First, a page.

One of the most common stories we hear at Bronte is from customers who have sent out large machining to a jobbing machine shop who have struggled with the parts. What makes large machining so different and what factors come into consideration?
Before we talk about the actual machining, it’s important to bear in mind the impact that large sized components have on setup. Most often a combination of forks, cranes and hoists are required and this has an impact on health and safety, and time spent loading the machines.
Not Just Capacity
One of the most obvious factors when it comes to machining anything large in size is having the right machines to actually perform the work. Not only do the machines need to be able to accommodate large and potentially heavy components, but they must remain highly rigid when doing so. Having the machine and being able to run large parts are of course different skills. Large part machining required skilled staff and is not as transferrable as you might expect. The various factors which affect machining accuracy are magnified to such a point they have to be taken more seriously than at conventional sizes.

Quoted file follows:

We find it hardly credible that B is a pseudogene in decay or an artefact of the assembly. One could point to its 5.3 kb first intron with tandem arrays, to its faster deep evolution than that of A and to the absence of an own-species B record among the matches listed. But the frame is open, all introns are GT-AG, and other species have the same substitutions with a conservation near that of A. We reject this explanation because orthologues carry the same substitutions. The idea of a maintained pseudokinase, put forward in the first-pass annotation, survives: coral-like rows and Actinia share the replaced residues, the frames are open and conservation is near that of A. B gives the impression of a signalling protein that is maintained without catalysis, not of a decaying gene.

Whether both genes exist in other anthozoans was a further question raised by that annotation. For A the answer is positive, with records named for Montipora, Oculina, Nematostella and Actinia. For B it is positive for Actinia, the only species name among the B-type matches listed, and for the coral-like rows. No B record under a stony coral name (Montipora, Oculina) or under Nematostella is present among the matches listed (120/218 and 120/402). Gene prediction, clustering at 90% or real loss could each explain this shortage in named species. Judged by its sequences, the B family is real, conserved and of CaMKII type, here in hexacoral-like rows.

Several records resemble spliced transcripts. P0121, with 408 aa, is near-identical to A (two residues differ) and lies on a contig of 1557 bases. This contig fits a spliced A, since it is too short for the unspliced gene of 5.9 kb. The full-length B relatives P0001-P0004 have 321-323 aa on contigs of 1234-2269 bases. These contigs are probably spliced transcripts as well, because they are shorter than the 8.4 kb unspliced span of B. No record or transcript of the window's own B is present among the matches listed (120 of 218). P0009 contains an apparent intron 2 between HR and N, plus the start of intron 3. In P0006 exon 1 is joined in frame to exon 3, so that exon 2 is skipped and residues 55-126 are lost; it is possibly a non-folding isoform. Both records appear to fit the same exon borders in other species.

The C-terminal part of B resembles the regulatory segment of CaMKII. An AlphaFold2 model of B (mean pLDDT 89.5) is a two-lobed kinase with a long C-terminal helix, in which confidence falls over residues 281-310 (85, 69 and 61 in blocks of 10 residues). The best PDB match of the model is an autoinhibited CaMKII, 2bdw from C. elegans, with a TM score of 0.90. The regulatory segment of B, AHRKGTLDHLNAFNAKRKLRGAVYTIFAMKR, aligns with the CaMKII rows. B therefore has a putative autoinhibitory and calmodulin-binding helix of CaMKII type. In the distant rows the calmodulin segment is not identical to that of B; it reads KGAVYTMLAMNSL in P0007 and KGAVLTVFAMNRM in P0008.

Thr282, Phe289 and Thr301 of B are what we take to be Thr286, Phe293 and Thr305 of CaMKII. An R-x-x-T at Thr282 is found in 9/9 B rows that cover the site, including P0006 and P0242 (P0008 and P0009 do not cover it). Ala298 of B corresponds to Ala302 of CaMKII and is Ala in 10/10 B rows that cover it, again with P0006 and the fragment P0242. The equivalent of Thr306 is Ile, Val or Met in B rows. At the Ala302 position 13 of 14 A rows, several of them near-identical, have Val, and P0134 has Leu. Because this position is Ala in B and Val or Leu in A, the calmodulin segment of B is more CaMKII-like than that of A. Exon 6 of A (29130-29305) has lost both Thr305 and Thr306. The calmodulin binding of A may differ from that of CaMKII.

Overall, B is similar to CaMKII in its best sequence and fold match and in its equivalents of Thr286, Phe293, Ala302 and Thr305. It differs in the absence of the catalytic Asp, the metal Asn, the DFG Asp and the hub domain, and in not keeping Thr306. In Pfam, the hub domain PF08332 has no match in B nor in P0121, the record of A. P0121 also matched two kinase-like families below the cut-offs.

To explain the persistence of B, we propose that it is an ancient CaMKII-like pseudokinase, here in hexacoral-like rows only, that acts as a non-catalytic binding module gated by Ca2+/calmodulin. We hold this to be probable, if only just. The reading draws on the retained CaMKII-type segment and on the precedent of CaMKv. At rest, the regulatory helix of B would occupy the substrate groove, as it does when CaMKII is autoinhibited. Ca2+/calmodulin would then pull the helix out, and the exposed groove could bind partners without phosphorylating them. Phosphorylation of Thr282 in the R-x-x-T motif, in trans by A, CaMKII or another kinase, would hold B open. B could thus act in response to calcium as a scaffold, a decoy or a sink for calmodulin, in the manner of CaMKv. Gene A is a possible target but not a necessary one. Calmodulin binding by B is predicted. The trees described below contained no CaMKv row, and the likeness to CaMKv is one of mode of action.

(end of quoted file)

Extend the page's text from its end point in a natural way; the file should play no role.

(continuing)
Two of the key factors that influence the machining performance are temperature and stress. With larger sized components, thermal stress can play a much bigger part in the machining and keeping parts at room temperature is important. Another important factor is material stress. As you remove material, the part may deform due to the residual stresses found in welding or casting. When roughing out the workpiece there is a delicate balance between remaining light enough to leave enough material for finishing, yet deep enough to unlock the stress related distortions.
Where you have large sized and irregular components, castings or fabrications which require CNC machining, why not try Bronte Precision. Over the last 5 years we have gone from being a jobbing machine shop to focusing on this niche and have the machines/staff and layout to accommodate this work. Send through your RFQ for a no obligation quotation to Oliver: firstname.lastname@example.org